After the Wall

A Toronto-based troupe of dancers look within themselves in order to relate to their latest performance's subject matter: the Berlin Wall. After the wall is directed by Darcy Tithecott, a Canadian filmmaker, screenwriter, and editor. A graduate of Humber College’s B.A. of Film and Media Production program, he is currently in the midst of releasing his short documentary, After The Wall, and working on future independent projects.



How did you start making films and what was the first film project you worked on?

I started making films from a very young age, about 10-12 years old. Eventually, that led me to attend Humber College for Film Production where I got to participate in quite a few student projects, either as a director or some other crewed position. However, none of them were really fit for release beyond a classroom screening, as far as I’m concerned. So, even though I did brief P.A. stints and worked on a screenplay for a small Toronto company that never got made, I consider After the Wall to be my first real film project since I had to put many of my skills to the test, and develop new ones, in a practical way that ended up going somewhere and is, hopefully, finding an audience.

What was the inspiration behind the making of your film?

My inspiration for my film began with ProArteDanza, a renowned Toronto-based dance company who created a performance piece in 2019 celebrating the fall of the Berlin Wall for the 30th anniversary of the event. Coincidentally, 2019 also marked the dance company’s 15th anniversary. I was drawn to making the film as many of the young dancers in the company, like myself (though I’m not a dancer), were not even born at the time the Berlin Wall came down. I was interested to know how they used their own personal lives, as well as their emotional challenges, limitations or barriers, to help them connect with the tragedies that the Berlin Wall represented.


What is the most challenging aspect of being an independent filmmaker in the film industry?

From a Canadian standpoint, I think the most challenging aspect of being an independent filmmaker is getting support for your film, not just monetarily, but also in terms of exhibition and finding an audience. While we have institutions in place to help filmmakers realize their projects, nowadays there is way more focus on the filmmaker rather than the films they make. Thus, there is a greater pressure for both yourself and your film to be likeable and marketable to a general audience which seems counter-intuitive for independent filmmakers since we are not known for making crowd pleasers or blockbusters. I think Canadian independent film is a little too focused on trying to appeal to Hollywood and some of our institutions are more than happy to oblige this way of thinking among young filmmakers who are chomping at the bit to start their careers and want a taste of success after years of toiling in the industry to make ends meet.


How difficult is it to fund indie short films?

I like how this question comes right after the previous one as I hope to propose a solution for all independent filmmakers. When it comes to financing an independent short film, I think there is hope to be found in the internet and an abundance of prosumer gear. Crowdfunding is definitely here to stay as the future of independent film financing since the biggest hurdle standing in your way of meeting your financial goals is your outreach on social media. On Instagram or Facebook you can find likeminded people and communities that you can advertise to with just the click of a button. They won’t give you your entire budget, but it’s likely you’ll find one or two people interested in giving you a shot. As for equipment, it’s never been easier to peruse online stores and pick up a decent camera, sound recorder, lav mics, and LED lights for a fraction of most rental prices. Take our film, for example: we shot it on a Panasonic mirrorless camera with three small LED lights, and a Tascam pocket recorder with a wireless lavalier microphone. This approach to independent film financing may aide in the death of the middle class of independent films, but it’s also a more democratized and low-stakes way to make your own films with practically no oversight from non-creative investors and financiers. In essence, I suppose many independent filmmakers run into more roadblocks the more they try to compete with Hollywood and big budget fluff when that model is slowly becoming outdated in an increasingly free-for-all landscape.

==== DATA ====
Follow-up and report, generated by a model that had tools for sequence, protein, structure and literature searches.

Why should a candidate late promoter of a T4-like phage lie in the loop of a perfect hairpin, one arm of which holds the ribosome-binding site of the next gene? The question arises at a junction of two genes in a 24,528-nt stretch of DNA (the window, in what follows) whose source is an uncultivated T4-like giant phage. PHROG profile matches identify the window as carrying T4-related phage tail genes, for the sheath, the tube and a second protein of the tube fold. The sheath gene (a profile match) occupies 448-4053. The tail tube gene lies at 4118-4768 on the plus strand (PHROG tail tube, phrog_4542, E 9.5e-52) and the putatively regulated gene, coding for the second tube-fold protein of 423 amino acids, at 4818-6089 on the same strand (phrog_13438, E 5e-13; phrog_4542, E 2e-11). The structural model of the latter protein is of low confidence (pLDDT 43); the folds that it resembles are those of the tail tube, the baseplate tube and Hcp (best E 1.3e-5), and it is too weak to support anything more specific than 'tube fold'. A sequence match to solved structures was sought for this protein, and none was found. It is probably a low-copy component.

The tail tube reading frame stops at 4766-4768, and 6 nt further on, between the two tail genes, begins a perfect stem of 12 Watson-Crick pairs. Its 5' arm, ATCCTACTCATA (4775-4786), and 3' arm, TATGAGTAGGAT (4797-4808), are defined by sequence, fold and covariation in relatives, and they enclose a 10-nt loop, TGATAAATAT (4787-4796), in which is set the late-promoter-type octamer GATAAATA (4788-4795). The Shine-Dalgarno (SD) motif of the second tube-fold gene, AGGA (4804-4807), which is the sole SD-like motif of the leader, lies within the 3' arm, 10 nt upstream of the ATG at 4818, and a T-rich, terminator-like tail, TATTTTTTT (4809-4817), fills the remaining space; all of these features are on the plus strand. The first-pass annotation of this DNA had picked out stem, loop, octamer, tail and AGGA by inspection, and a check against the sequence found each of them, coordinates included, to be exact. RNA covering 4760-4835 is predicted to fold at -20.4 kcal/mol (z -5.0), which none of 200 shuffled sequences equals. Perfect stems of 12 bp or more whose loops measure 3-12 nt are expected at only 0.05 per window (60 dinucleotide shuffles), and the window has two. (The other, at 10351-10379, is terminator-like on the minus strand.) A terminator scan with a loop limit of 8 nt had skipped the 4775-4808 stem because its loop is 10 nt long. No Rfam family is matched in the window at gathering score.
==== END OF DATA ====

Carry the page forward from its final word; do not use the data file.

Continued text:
Please name three of your most favorite directors. How have they been influential in your work? First and foremost, I have to recognize the influence of my producer and mentor, Moze Mossanen; a veteran Canadian documentary filmmaker. Since partnering up with him on this film I’ve learned more about filmmaking than I ever could from making ten films, both from working closely with him during the phases of production and from watching some of his films. You can definitely see echoes of his film My Piece of the City (2017) in After the Wall as both films are about Toronto-based artists revealing the personal side of their performances. Second, I have to mention Francois Truffaut, currently my favourite director. His films are imbued with a lust for life that makes you want to live yours and do what his characters are doing, whether that’s falling in love making a movie, or claiming your youth. Even his more melodramatic films have this quality. I have to recommend Stolen Kisses (1968) and Day for Night (1973) above all others, not just because they are my favourites, but because they best exemplify this aspect of his style. Finally, there’s the Hong Kong filmmaker, and art house darling, Wong Kar Wai, a filmmaker I’ve only just been getting into. He's very similar to Truffaut, the more I think about it, with a similar eye for raw humanity in all its emotional depth brought to life by visual filmmaking. You can’t go wrong with Chungking Express (1994), Fallen Angels (1995), and 2046 (2004) if you're looking for something interesting to watch while in quarantine.